The sky is the color of old nickels today and one can actually smell the impending storm. But rain doesn’t impend down here. I’ve heard tales of monsoons, of water appearing quickly from the sky, and of cats and dogs. At the moment, however, heaven has unleashed – from four drops to four gallons, in three seconds flat.
This is not rain, so much as the ocean falling from the sky. Picture your swimming pool dumped into your closet and you’ll get a feel for it – not to mention thunder that you feel in your private parts and lightning strikes strong enough to make me wonder whether North Korea might be involved.
New word of the day: Thundervolt (def) the hyper-charged cloud-level explosion that knocks out power and shakes a hotel to its bowels
At tournaments, rain creates an athletic waterhole. Players from all nations gather around lunchroom tables to play cards, to teach each other profanity in their native language, and to explore each other, culturally. This is perspective at its finest, allowing young, ambitious competitors a few free moments to bond and to empathize with adversaries – so often we limit ourselves to the prism of our own experience. Few things hold more reason for cause celebre than listening to adolescents come away from cultural interaction with a new understanding of humanity. Alas, excuse my pedagogical rant, but these moments just tickle my inner Elmo.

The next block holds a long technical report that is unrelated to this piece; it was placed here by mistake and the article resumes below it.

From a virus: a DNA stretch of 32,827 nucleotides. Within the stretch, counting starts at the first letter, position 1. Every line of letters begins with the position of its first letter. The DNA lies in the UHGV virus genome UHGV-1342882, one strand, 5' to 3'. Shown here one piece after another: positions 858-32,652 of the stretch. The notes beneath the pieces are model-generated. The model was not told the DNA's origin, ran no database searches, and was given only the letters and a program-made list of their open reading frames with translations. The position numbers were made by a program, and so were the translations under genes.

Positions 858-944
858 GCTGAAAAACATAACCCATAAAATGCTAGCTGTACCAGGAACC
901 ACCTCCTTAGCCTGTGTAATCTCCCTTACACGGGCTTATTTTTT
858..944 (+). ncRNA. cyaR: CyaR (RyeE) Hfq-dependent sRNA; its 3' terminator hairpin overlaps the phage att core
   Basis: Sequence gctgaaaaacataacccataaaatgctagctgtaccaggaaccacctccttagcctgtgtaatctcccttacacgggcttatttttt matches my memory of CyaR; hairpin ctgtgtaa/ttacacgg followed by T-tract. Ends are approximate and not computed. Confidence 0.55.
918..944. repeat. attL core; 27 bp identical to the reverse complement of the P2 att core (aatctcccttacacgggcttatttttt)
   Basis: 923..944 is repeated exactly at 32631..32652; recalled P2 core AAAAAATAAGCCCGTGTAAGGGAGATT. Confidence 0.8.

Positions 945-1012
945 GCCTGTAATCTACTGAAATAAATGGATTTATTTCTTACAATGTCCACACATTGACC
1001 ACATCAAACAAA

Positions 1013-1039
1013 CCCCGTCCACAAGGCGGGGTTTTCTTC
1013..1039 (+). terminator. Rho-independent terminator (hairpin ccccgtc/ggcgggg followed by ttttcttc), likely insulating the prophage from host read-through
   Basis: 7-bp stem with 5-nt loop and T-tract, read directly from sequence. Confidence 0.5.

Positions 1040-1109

Eventually, Jurassic birdcalls echo in a return of the sun and the players finish their bananas and drop to the floor for stretches. Moments later, the clouds, like wet wool, roll in. All day, the weather pattern continues while professional athletes nibble down coaster-sized meals and perform mental preparation exercises in ways that make the whole pre-match player lounge feel like a Nepalese monastery. At 6:00 p.m., the director cancels play for the day and there’s a mad rush for the gym. These players are addicted to the endorphin rush, and even one afternoon without stimulating the adrenals can cause a “my-feet-aren’t-moving” hangover. Legs leap, arms curl, chests puff, and backs bend. There is much flirting.
Not much to report today so here’s a description of the hotel room:
From end to end, the bed is 150% of a grown man’s height with strangely inconsistent thread counts that lie somewhere between 3 and 3,000, and tease one with the possibility of a good night’s sleep. On the plus side, the toilet seat here causes narcolepsy. Caribbean waves are small and the shower’s water pressure matches the sea’s force. It’s a bit like someone dipping fingers into a glass of water and flicking it at you. Were it not for the deluge outside, between the tennis and sweating, we’d probably be thrown out of here on account of malodor. Ensuring they maintain their bite-to-death-ratio lead, at least three mosquitoes sleep with me each night – current score Mosquitoes-23 Me-2! Finally, there is a refrigerator with several sugary drinks and five water bottles, which, when emptied and left on the floor, apparently enrages the chambermaid, who has made it a point to leave them on my nightstand with an arrow pointing toward the trashcan saying “Basura!” To this end, I’m convinced my towels haven’t seen a washer yet this week.
Tomorrow: More Rain and Maybe Some Tennis